BMC to set up six plants across Mumbai to tackle waste issue
In a step towards better waste management and to reduce the load on Mumbai’s dumping grounds, the Brihanmumbai Municipal Corporation (BMC) has planned to set up small-scale waste processing plants across the city, and has invited expressions of interest for the project.mumbai Updated: Apr 15, 2015 19:46 IST
In a step towards better waste management and to reduce the load on Mumbai’s dumping grounds, the Brihanmumbai Municipal Corporation (BMC) has planned to set up small-scale waste processing plants across the city, and has invited expressions of interest for the project.
“These plants will help process the waste in small quantities of five, seven and 10 tonnes a day. We are yet to finalise the technology that will be used. This will be considered after we get responses,” said Minesh Pimple, deputy chief engineer, solid waste management (projects).
However, if these plants are to be effective, citizens will have to segregate waste at home, officials said. “We are trying to find a solution for the solid waste mess in the city and this is just one step towards it. Citizens will need to segregate waste, so that the plants are used effectively,” an official said.
For decades, the civic body has been battling the tonnes of garbage generated by the city. Mumbai’s two main dumping grounds — at Mulund and Deonar — can hold no more waste, and till date, not a single tonne of waste has been processed (see box).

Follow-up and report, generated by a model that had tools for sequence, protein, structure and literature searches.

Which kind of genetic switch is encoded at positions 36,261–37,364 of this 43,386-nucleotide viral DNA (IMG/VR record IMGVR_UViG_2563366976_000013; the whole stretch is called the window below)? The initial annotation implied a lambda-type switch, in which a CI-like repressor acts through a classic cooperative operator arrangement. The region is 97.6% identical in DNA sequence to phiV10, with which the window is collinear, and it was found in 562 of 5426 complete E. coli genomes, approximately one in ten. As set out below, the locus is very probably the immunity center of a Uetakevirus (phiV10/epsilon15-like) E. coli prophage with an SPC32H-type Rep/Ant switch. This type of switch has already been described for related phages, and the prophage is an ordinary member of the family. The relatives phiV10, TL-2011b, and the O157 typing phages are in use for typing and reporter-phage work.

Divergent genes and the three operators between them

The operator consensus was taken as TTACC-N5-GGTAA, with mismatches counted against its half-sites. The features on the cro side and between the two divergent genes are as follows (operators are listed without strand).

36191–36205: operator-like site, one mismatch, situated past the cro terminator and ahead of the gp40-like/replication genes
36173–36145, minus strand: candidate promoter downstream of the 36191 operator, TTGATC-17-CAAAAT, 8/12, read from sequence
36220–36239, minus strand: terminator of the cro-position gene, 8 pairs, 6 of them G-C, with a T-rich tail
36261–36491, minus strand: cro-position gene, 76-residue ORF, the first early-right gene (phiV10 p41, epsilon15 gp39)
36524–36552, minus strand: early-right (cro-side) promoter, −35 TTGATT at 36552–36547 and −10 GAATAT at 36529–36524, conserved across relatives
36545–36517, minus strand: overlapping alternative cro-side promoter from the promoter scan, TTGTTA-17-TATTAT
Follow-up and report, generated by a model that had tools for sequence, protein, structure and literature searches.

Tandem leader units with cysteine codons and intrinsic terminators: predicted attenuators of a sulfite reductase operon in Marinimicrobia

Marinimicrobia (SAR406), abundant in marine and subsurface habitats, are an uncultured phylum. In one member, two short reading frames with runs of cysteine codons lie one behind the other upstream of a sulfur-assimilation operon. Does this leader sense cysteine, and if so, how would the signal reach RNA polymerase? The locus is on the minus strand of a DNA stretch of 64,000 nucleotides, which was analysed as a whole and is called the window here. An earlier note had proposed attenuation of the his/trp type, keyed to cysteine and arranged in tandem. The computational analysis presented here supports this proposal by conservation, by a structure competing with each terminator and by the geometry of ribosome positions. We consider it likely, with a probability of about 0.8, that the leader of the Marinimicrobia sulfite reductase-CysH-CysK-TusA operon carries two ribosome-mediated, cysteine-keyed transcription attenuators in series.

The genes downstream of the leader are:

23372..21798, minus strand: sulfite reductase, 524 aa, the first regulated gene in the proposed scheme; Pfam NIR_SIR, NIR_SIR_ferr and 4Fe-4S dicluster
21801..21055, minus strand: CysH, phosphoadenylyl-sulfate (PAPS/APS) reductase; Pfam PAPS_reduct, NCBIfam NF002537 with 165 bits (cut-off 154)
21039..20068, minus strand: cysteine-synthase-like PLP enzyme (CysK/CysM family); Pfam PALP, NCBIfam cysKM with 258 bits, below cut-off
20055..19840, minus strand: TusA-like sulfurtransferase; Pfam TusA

The civic body had also planned to set up a plant at Deonar that can convert 1,000 tonne of garbage to energy every day. This project too is yet to materialise.
“Until the waste-to-energy plant is set up, we have planned to use the decentralisation plants at six locations across the city and the eastern and western suburbs. This will reduce transportation costs, as lesser garbage will have to be taken to the dumping grounds,” Pimple said.
One challenge for the department, sources said, is finding enough space for the small plants.
“Each plant needs around 5,000 to 10,000sqft. Ideally, each ward must have at least two such processing plants, but we are not finding enough space. We are looking at other departments for the land,” said the official quoted earlier.